The role of body size in predator-prey interactions and community structure
Degree GrantorUniversity of Canterbury
Degree NameDoctor of Philosophy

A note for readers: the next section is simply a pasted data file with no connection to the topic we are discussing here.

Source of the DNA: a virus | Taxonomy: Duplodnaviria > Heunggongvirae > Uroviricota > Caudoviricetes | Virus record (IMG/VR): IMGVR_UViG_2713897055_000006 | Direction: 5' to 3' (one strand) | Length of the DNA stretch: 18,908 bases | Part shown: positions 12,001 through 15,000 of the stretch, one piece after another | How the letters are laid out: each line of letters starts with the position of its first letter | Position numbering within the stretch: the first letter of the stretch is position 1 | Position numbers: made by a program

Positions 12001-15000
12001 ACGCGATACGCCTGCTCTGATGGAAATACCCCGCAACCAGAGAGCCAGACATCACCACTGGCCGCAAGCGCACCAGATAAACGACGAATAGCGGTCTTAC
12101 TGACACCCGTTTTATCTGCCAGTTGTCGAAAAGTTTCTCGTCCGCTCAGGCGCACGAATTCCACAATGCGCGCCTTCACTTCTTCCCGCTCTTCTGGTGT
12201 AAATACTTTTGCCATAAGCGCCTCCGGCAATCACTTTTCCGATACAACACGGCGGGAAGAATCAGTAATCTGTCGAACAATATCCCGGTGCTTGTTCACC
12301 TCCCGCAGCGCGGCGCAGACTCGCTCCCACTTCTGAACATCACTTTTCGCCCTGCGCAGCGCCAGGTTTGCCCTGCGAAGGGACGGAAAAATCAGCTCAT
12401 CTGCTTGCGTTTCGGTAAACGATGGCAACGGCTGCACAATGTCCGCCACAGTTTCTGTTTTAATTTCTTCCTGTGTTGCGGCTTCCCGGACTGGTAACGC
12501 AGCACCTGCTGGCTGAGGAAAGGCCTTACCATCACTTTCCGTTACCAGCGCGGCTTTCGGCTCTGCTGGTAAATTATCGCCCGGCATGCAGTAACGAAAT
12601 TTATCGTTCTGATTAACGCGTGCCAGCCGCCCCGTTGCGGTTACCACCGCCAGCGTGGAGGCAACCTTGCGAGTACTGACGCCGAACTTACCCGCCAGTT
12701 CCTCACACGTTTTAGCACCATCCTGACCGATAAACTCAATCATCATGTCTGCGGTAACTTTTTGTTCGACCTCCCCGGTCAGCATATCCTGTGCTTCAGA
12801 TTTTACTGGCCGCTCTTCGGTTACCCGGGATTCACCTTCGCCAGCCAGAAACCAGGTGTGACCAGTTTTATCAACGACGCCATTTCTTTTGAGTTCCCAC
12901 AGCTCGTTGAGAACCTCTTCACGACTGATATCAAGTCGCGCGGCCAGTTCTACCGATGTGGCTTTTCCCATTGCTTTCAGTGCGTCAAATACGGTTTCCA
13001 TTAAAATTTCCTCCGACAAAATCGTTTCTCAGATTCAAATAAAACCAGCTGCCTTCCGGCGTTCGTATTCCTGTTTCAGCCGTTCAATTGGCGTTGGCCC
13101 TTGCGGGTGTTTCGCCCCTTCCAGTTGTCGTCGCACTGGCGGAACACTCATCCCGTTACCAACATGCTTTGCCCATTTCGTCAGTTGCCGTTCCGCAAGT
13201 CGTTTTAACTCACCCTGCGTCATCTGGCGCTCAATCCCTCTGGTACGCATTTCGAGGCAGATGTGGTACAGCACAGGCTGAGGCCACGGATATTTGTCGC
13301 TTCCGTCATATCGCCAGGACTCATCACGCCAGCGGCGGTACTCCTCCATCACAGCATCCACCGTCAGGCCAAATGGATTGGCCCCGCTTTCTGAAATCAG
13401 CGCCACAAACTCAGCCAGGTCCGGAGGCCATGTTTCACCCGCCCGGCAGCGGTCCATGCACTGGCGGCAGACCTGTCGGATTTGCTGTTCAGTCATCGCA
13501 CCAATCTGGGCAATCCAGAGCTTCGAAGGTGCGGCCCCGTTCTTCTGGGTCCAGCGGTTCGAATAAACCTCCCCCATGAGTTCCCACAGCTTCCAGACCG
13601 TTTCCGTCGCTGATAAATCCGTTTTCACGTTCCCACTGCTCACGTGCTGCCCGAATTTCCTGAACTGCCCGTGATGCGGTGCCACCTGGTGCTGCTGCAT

Body size is a fundamental property of an organism. Consistent body size-related patterns, relevant to food webs, have been found at the individual (e.g. metabolism), population (e.g. predator-prey interactions), and community (e.g. body-size scaling with abundance) levels of ecological organisation. These patterns represent key components of food webs, so body-size distributions should be representative of a wide range of food web processes. Therefore, knowledge on the controls of the distribution of body sizes within a community should aid in the understanding of community structure and stability. I focused on two key body size-associated relationships in food webs: the relationship between body mass/size (M) and abundance (N), and relationships between body size and predator-prey interaction strengths. Analysis of M-N data, collected from stream communities spanning habitat size and flooding disturbance gradients, indicated that habitat size limited top predator size, whereas disturbance limited their abundance. These results highlight how M-N relationships, and changes in body size patterns across communities in general, are particularly useful tools for understanding influences on community structure. Mesocosm experiments were used to investigate how relationships between predator-prey body mass ratios (PPMR) and predator-prey interaction strengths differed when prey defences and density varied. Larger predators generally had stronger per-capita interaction strengths however, prey morphological defences and prey abundance significantly altered the relationship between body size and per-capita interaction strengths. Defended prey were eaten less than undefended prey and the relationship between PPMR and interaction strength was steeper at higher prey densities. These results indicated that while PPMRs are generally good predictors of interaction strengths, the incorporation of other general traits, beyond body size, into current theory would improve prediction of interaction strengths in food webs. An in-stream channel experiment was conducted to investigate the population, compared to per-capita, effects of top-predator body size and abundance on the strength of top-down interactions in food webs. By manipulating top-predator size and abundance, but keeping top-predator (brown trout) biomass constant, I showed that smaller, more abundant top predators had greater top-down effects compared to, fewer large predators of equivalent biomass. Overall, my results indicate that body size-related relationships can be used to describe changes in predator-prey interaction strengths, community structure and by extension possibly community stability. However, the usefulness of these relationships could be improved by incorporating traits over and above body size, which would aid in the prediction of community stability as communities face ongoing anthropogenic pressures.